ΔΔG calculations using SRTI.

We estimated differences in the binding free energies of two ligands with four NA proteins (three mutants and one WT). To calculate ΔΔGs, we constructed a set of alchemical thermodynamic paths that pass through a common unphysical reference state (RS) shared by all four proteins and both ligands (Fig. 1A). This RS ‘hub’ allowed us to thermodynamically link the binding free energy changes for all the protein/ligand combinations simultaneously, yielding the least computationally expensive set of simulations. In order to minimize perturbations along the alchemical paths, we constructed a RS that resulted in decoupling of only the regions of the mutating residues not shared by both residue types and regions of the ligand not shared by both inhibitors. This was done by replacing the mutating residues with unphysical “pseudo” residues in the RS protein and replacing the inhibitor with an unphysical pseudo-ligand derived from the shared inhibitor scaffold in the RS ligand (further details provided in Supporting Information [SI] Section 1e). We refer to these calculations as the single-reference multiple mutants (SRMM) approach. Table 1 summarizes the computed ΔΔGs relative to the WT for each inhibitor using SRMM with standard MD. For all drug/mutant combinations, the results showed low accuracy and low precision with an overall root mean squared (RMS) error and RMS standard deviation of 4.2 kcal/mol and 7.4 kcal/mol, respectively, and failed to reproduce experimental observations with any certainty. Structural analysis of these simulations showed that the large standard deviations resulted from significant perturbations to the ligand pose that were mainly due to the decoupling of the flexible tail of the ligand in the RS.

Figure 1. Alchemical thermodynamic paths using SRMM (A) and SRSM (B) in the bound state between wild type (wt) and a mutant (mut1).

The paths (arrows) between end states (squares) going through nonphysical reference states (ovals) are shown. The SRMM uses a common reference state ‘hub’ for all mutations and ligands (RS1*2*3* L*); SRSM uses a mutation and ligand-specific reference state (RS1* LX). Decoupled residues and ligands are noted by an ‘*’. Thermodynamic paths in the unbound state have a similar form but without the ligand.

Table 1. Comparison of experimental ΔΔG in oseltamivir and zanamivir for three NA mutations with estimates obtained using different computational approaches.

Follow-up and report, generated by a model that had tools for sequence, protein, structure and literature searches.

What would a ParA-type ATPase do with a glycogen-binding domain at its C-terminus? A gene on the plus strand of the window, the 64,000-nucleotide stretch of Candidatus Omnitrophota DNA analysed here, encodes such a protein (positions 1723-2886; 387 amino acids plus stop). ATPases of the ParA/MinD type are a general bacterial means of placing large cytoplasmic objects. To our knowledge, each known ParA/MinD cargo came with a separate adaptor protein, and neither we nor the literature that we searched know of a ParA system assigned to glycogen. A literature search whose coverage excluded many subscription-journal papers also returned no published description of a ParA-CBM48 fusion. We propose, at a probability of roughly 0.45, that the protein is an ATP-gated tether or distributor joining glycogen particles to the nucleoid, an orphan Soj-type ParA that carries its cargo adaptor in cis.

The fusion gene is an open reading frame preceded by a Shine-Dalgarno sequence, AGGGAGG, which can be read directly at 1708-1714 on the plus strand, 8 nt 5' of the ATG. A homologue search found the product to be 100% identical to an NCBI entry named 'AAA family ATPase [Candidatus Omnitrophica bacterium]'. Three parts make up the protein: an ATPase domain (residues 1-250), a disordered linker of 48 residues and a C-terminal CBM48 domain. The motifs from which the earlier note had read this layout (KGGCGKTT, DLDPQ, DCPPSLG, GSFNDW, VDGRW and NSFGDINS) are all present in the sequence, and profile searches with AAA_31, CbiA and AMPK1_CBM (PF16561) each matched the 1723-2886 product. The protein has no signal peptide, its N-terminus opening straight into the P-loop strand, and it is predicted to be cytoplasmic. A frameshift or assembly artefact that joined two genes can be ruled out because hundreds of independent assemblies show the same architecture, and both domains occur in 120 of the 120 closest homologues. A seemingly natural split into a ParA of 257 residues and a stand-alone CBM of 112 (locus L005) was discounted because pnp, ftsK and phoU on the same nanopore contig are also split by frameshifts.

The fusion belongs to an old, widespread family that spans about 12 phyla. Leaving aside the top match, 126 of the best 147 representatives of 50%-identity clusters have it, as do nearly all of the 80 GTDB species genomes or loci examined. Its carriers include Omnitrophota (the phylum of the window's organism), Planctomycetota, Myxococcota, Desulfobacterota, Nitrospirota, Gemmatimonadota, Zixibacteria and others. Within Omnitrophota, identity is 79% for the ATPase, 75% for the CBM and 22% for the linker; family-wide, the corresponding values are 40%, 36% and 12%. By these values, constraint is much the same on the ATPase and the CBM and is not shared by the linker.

While the SRMM approach minimized the number of simulations needed to calculate ΔΔGs, the relatively high degree of decoupling associated with a single common RS undermined its accuracy. To reduce the uncertainty in ΔΔG predictions, we constructed a set of alchemical thermodynamic paths that minimized the degree of decoupling in the unphysical reference states. This entailed constructing independent thermodynamic paths that connected mutant and WT proteins through reference states specific to each mutation and ligand (Fig. 1B). In these alchemical paths, only the single mutating residue was partially decoupled by using a reference state in which the mutating residue was represented by a pseudo-residue while all the other residues and the ligand remained fully physical. We refer to these simulations as the single reference single mutant (SRSM) approach. While this approach minimizes the extent of decoupling in the respective reference states, it effectively requires 50% more computational resources than the SRMM approach.

Table 1 lists the ΔΔG estimates from the SRSM calculations using standard MD, which showed an overall RMS error and standard deviation of 1.5 kcal/mol and 2.2 kcal/mol, respectively. This represents a substantial improvement over the SRMM results. To test whether enhanced sampling with the SRSM approach would further improve the binding energy predictions, we augmented the SRSM calculations with HREX MD (SRSM/HREX). In five out of the six cases, the SRSM/HREX simulations correctly identified drug resistance mutations using our pre-defined criterion. Table 1 shows that this approach substantially improved the overall accuracy and precision of the predictions despite still being unable to capture the increased sensitivity of Y252H to oseltamivir.